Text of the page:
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Nutrient and contaminant removal

Managing solution discharge

The most common method of dealing with salinity buildup in the nutrient solution is occasional discharge of the solution. If nutrient solution is going to be discharged, management of the released wastewater must be taken into consideration. Often, especially with increasingly stringent controls on effluent water quality, this water will need to be filtered. This is mainly because effluent water produced by greenhouses and nurseries tends to contain nutrient concentrations far higher than that of the water of the surrounding environment. The most problematic of these nutrients are nitrogen and phosphorus which, if not controlled, can lead to increased algal growth in surface waters. These algal blooms deplete oxygen in the water, killing off fish and other organisms (a condition referred to as “eutrophication”). In addition, effluent water will likely contain traces of pesticides/herbicides and may contain toxic by-products produced by certain chemical pathogen control methods. Pesticides in the concentrations found in greenhouse water can be harmful to a variety of aquatic organisms (Kabashima et al., 2003). As such, effluent should undergo some sort of treatment to remove these compounds in order to meet regulatory guidelines and maximize environmental responsibility.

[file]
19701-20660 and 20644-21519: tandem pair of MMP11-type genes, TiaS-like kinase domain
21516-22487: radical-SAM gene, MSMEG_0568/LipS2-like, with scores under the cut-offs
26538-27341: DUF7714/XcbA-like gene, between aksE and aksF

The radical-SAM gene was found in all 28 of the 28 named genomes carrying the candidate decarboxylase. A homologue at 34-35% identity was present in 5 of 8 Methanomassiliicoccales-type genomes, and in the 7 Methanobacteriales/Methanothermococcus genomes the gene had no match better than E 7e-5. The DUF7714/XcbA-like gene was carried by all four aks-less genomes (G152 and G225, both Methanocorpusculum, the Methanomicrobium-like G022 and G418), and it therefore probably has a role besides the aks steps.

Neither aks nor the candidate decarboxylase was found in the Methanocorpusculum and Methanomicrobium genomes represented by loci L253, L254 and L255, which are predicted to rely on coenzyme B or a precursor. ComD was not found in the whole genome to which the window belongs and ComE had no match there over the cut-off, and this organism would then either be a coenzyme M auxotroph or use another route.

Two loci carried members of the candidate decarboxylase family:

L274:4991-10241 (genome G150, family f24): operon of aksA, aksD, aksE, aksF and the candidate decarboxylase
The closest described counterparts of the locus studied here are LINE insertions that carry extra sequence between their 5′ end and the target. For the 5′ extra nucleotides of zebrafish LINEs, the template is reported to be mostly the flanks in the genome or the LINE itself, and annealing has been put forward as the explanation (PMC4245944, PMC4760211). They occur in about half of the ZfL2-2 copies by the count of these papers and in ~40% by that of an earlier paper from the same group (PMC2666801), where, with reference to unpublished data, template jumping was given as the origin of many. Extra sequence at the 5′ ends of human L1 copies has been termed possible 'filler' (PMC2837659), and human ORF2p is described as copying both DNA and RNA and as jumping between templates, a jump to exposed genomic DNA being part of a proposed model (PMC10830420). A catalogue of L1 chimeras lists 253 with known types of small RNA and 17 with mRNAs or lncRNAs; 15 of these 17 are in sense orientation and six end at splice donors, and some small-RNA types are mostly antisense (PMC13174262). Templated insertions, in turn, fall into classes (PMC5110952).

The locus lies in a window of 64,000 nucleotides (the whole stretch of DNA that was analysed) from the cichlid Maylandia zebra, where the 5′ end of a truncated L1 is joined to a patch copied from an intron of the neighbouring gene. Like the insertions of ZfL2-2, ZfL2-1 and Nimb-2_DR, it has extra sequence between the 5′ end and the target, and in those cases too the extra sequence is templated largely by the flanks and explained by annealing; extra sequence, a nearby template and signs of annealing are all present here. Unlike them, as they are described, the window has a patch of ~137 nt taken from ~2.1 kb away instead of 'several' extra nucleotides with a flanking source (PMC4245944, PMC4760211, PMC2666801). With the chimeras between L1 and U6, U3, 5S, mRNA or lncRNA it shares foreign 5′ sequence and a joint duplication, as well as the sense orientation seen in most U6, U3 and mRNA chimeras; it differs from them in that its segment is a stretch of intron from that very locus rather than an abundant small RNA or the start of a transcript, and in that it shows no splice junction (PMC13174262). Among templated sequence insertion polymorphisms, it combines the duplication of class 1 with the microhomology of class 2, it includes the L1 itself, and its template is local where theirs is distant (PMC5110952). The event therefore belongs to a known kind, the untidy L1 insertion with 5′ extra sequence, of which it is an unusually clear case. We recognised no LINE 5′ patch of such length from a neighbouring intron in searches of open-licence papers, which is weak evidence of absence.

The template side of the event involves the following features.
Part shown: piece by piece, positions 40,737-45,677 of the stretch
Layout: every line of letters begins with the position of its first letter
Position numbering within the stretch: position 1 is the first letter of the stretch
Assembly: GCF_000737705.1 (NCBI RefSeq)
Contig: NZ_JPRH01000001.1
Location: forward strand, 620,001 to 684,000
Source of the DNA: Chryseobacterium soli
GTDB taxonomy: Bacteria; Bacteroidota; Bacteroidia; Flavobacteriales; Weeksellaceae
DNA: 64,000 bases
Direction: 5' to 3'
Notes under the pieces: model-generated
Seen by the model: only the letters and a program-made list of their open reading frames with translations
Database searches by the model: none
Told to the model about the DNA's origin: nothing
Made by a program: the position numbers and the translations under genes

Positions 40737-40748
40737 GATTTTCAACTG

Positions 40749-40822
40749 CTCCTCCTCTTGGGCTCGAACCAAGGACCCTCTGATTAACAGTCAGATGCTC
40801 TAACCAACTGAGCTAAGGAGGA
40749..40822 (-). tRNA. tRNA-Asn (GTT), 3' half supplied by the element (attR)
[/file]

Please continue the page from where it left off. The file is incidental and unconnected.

Even if effluent water is being released to holding ponds for eventual recirculation, the water may still need to be treated before entering the pond. Without nutrient removal, the amounts of nitrogen and phosphorus in the effluent water can lead to algal blooms in the holding pond, which will increase water pH and require recirculated water to be filtered and acidified before it can be re-used (Headley et al., 2001). As well, chemicals should be removed before water is recirculated to prevent accumulation to toxic levels.

The flow chart below provides a breakdown of methods available for removing nutrients and other contaminants from water prior to disposal (click for more information).

Link Link Bioreactors Fluidized bed reactor Crop Application Constructed Wetlands Vegetated Buffers

For Na, Cl and SO4 removal from recirculated greenhouse irrigation water, please visit:

This work was supported in part by the Canadian Ornamental Horticulture Research and Innovation Cluster and Canadian Ornamental Horticulture Alliance

For more infomation please contact Dr. Zheng (yzheng@uoguelph.ca)

link to CESRF website